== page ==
Number of asylum seekers given leave to stay up by 60%
Figures show an increase in the number of deportation orders being quashed
Minister of State for Equality Aodhán Ó Ríordáin at Leinster House, Dublin. File photograph: Gareth Chaney/Collins
The number of asylum seekers being granted leave to remain in the State has increased by more than 60 per cent since last year, while the number of deportation orders being quashed is also up, figures from the Department of Justice show.
The figures indicate that a Government report on reforming the asylum system, published in June but yet to be adopted by Cabinet, is “being implemented informally”, Minister of State for Equality Aodhán Ó Ríordáin said.
The figures show that up to October 26th, 864 people had been granted leave to remain in the State this year - a rate of 86 people a month.
This compares with 633 people (53 a month) in 2014, and 604 people (50 a month) in 2013.
Leave to remain is granted at the discretion of the Minister for Justice, usually on humanitarian grounds, to people who have not been deemed eligible for asylum or subsidiary protection.
The number of deportations rescinded per month is also up, with 239 orders rescinded by October 26th of this year - a rate of 24 per month.
This compares with last year, where 255 orders were rescinded (21 a month) and the 232 orders rescinded in 2013 (19 a month).
Former High Court judge Bryan McMahon, in his report on the asylum process published in June, said the “single most important issue” to be resolved was the length of time people were awaiting decisions on asylum applications.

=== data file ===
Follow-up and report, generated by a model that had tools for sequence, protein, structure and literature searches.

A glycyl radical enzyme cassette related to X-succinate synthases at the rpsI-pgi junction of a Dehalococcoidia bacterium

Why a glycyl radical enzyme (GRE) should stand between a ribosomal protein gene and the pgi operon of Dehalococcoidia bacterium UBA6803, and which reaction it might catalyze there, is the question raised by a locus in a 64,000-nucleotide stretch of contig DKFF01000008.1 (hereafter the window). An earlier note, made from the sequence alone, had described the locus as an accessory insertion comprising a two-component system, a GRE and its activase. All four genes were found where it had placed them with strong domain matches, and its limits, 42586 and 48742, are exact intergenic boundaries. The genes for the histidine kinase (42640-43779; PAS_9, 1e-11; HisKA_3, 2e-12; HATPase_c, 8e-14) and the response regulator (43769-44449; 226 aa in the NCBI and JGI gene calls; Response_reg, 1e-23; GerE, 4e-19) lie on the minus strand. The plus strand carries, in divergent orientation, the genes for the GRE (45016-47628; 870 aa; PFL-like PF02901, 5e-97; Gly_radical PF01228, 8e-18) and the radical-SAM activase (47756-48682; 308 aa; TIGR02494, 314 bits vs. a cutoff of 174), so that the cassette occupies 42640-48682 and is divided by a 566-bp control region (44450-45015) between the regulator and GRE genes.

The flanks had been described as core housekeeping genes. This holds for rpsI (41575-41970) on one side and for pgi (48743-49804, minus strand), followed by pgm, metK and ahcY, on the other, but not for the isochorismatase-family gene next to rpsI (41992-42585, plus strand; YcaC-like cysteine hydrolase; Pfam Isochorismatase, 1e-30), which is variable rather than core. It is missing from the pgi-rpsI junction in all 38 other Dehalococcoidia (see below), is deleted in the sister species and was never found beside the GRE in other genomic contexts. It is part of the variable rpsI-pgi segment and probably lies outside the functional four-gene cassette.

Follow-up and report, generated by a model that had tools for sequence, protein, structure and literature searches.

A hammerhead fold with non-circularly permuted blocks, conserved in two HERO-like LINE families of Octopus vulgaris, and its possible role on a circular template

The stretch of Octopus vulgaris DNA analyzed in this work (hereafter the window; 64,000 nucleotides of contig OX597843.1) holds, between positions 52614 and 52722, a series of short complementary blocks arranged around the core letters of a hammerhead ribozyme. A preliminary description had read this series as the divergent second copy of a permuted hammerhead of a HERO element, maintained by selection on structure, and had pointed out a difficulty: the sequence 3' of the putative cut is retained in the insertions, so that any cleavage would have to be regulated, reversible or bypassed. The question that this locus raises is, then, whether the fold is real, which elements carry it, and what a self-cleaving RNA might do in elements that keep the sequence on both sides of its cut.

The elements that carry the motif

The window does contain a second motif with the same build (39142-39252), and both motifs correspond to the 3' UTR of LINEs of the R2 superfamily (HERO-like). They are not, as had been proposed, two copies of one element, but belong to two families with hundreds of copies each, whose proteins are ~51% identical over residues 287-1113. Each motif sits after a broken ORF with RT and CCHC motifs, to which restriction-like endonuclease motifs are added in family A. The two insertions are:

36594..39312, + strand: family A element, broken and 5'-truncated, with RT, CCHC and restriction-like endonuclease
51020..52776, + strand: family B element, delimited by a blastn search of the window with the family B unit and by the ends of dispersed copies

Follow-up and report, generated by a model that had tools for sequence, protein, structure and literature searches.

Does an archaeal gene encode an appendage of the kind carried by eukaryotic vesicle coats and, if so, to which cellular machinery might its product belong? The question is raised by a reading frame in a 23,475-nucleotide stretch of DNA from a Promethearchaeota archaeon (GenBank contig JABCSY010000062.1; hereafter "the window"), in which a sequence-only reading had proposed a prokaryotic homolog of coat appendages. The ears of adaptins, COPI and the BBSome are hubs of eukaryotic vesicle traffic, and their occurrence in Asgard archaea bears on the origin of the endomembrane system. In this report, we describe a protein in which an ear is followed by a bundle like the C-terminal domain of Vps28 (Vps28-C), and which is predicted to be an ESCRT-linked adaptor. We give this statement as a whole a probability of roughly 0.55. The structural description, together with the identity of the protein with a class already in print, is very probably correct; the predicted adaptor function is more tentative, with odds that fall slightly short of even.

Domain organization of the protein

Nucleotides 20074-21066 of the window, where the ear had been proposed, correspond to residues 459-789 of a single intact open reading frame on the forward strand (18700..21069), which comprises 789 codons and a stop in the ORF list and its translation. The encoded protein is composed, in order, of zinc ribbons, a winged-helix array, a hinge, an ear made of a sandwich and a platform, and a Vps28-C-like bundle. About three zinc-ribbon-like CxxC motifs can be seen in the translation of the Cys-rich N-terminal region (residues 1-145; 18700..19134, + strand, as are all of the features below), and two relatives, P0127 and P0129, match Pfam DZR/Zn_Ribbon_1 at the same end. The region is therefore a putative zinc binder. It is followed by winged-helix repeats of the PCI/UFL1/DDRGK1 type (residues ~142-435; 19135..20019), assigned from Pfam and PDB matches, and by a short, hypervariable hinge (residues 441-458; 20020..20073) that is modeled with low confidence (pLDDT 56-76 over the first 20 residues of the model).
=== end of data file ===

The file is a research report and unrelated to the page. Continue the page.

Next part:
The report, Working Group to Report to Government on Improvements to the Protection Process, including Direct Provision and Supports to Asylum Seekers, recommended that anyone who had been in the system for five years or more be granted leave to remain.
It recommended that anyone with a deportation order, and in the system for five years or more, have their order revoked on condition that they have not been involved in criminal activity or evading deportation.
The McMahon report found that 4,350 people - 55 per cent of the 7,937 people in the asylum process - had been there for more than five years.
Of the total, 21 per cent were children. Nine per cent (718) had deportation orders and 88 per cent of these (632) had been in the system for more than five years.
The increasing rate at which leave to remain was being granted and deportation orders quashed was “a clear indication that the working group report recommendations are being implemented”, said Mr Ó Ríordáin.